Jack Woodward reviews Spike Jonze’s new film Her, about the wonderfully weird and heart-warming relationship between a man and his intelligent operating system.
Her, the new film by the critically acclaimed Spike Jonze, has some core elements strikingly similar to the 2003 feature that brought leading lady Scarlett Johansson critical acclaim: Lost in Translation. Both films are romantically inclined and focused on exploring themes of loneliness and human connection in locations that are decisively not lonely. They both feature brilliant performances, lovely cinematography and a great soundtrack. But Her is without a doubt the superior film for one simple reason – it has heart. Real, genuine heart.
Joaquin Phoenix plays a lonely, sensitive man called Theodore in a startlingly believable, only slightly evolved future. Everyone still depends on their phones, walking around and not physically engaging with one another, except now they use voice commands. Theodore works at a company that creates handwritten letters for those that struggle to express their feelings, and in the midst of divorcing his wife, isn’t quite sure what he wants romantically in life. He decides on a whim to buy an advanced intelligent operating system, and soon enough, Scarlett Johansson’s voice is there, asking him to call her Samantha.
The way the relationship between Theodore and Samantha develops is wonderfully believable. Much like online relationships we see happening today, we may never see Samantha, but she never stops feeling like a real person. Samantha and Theodore have long, extended conversations on the nature of connection, what it means to be human, and life on the whole. The conclusions Theodore and Samantha reach are similarly human in that they’re never 100% certain about anything. It helps that Scarlett Johansson’s voice perfectly suits the sweet, kind nature of her character, or should I say, operating system. The directions of their relationship takes several dramatic, unexpected turns but along the way Her manages to be surprisingly funny, at times with a sense of vulgar humour that reflects Jonze’s history as Jackass co-creator.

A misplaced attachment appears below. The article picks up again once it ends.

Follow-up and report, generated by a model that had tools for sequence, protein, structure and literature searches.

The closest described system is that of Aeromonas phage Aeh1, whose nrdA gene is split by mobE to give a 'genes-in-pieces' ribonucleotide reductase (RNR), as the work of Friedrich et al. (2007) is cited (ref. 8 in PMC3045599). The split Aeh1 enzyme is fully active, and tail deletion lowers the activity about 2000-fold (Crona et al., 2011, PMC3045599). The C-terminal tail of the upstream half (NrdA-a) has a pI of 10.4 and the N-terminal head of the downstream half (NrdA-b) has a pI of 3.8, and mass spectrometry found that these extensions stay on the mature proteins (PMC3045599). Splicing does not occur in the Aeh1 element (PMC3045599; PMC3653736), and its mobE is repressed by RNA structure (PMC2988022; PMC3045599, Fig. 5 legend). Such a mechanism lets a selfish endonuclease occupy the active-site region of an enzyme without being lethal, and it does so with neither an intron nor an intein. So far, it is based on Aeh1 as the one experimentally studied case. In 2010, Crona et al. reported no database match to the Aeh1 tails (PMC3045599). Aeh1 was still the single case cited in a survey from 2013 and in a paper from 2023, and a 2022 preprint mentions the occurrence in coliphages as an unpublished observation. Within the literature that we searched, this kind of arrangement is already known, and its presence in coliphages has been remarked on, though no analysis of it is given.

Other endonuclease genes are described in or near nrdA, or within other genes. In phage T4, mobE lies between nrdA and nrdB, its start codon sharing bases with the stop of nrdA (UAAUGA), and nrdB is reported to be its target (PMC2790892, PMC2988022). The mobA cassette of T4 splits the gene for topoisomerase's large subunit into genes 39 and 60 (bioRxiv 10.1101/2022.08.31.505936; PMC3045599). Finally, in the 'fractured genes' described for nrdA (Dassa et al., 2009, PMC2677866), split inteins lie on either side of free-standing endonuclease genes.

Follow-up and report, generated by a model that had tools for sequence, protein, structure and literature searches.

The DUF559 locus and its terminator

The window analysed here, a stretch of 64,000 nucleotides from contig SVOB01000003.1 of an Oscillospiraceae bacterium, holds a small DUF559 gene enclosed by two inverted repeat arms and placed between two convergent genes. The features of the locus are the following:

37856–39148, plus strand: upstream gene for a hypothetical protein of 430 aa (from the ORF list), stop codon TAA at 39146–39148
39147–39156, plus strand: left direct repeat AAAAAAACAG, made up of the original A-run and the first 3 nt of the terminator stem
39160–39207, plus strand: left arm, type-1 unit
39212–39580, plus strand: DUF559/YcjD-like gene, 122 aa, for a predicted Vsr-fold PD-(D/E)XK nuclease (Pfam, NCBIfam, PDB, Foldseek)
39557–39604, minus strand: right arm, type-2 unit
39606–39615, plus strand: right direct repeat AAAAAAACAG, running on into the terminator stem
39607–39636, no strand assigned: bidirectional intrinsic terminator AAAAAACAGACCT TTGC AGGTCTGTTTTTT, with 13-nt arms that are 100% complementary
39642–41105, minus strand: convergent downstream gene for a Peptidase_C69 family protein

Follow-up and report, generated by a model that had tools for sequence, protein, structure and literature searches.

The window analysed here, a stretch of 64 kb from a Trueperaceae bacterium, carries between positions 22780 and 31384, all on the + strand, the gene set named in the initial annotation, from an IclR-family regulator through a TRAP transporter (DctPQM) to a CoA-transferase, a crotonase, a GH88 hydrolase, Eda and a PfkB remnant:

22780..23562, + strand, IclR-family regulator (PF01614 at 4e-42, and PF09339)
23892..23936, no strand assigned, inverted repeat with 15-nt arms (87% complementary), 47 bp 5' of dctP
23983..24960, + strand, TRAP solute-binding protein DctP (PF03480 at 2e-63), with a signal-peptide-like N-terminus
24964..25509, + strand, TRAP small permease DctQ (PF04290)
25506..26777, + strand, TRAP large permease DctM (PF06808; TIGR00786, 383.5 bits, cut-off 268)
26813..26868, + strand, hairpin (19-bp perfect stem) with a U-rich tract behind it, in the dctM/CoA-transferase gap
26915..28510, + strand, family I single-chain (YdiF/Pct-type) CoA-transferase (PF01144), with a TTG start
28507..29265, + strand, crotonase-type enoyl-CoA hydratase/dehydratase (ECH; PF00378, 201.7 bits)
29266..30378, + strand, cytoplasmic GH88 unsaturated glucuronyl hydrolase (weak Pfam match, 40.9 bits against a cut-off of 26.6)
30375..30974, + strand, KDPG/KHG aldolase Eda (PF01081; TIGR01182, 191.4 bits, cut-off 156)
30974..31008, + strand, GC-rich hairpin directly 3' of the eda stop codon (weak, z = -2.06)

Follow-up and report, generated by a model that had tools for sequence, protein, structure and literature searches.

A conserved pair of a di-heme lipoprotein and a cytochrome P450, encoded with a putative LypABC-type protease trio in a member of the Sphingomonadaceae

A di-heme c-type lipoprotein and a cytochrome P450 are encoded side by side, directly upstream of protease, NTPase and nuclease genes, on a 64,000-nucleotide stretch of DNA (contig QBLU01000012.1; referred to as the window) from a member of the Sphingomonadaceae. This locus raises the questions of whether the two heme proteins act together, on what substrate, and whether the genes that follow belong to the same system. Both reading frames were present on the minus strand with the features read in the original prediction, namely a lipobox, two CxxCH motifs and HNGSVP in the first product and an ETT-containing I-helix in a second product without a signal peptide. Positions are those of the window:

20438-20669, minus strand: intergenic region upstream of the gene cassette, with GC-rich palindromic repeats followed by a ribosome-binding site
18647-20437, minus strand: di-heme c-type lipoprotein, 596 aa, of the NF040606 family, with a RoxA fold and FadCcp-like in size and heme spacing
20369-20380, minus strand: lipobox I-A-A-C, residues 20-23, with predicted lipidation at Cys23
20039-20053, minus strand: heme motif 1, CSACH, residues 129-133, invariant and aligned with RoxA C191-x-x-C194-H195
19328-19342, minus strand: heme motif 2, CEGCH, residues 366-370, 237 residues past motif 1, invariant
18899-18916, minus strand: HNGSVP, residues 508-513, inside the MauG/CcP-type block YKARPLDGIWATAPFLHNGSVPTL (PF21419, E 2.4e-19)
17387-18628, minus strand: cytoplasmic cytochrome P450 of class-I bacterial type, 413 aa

What makes Her such a warm, touching journey, however, is the convincing and honest way in which it portrays relationships, showing that love is not the be all and end all. Theodore’s handling of a blind date isn’t particularly good, and when he talks to Samantha about it, he admits he could’ve done a better job, but was too emotionally confused to do so. The brief glimpses of the history with Theodore and his ex-wife Catherine, played by Rooney Mara, show both the good and the bad. And yet by the end of it all, he still has positive things to say about their time together. Even the relationship Theodore has with Samantha evolves and changes in directions he’s not entirely happy with, but he’s also willing to take them for what they are, and give her some space.
Samantha tells Theodore, ‘The past is just a story we tell ourselves’. Her successfully shows the nature of love because it knows those stories are imperfect. Yet the film looks at the light at the end, rather than the tunnel.
Director: Spike Jonze
Cast: Joaquin Phoenix, Scarlett Johansson, Amy Adams, Rooney Mara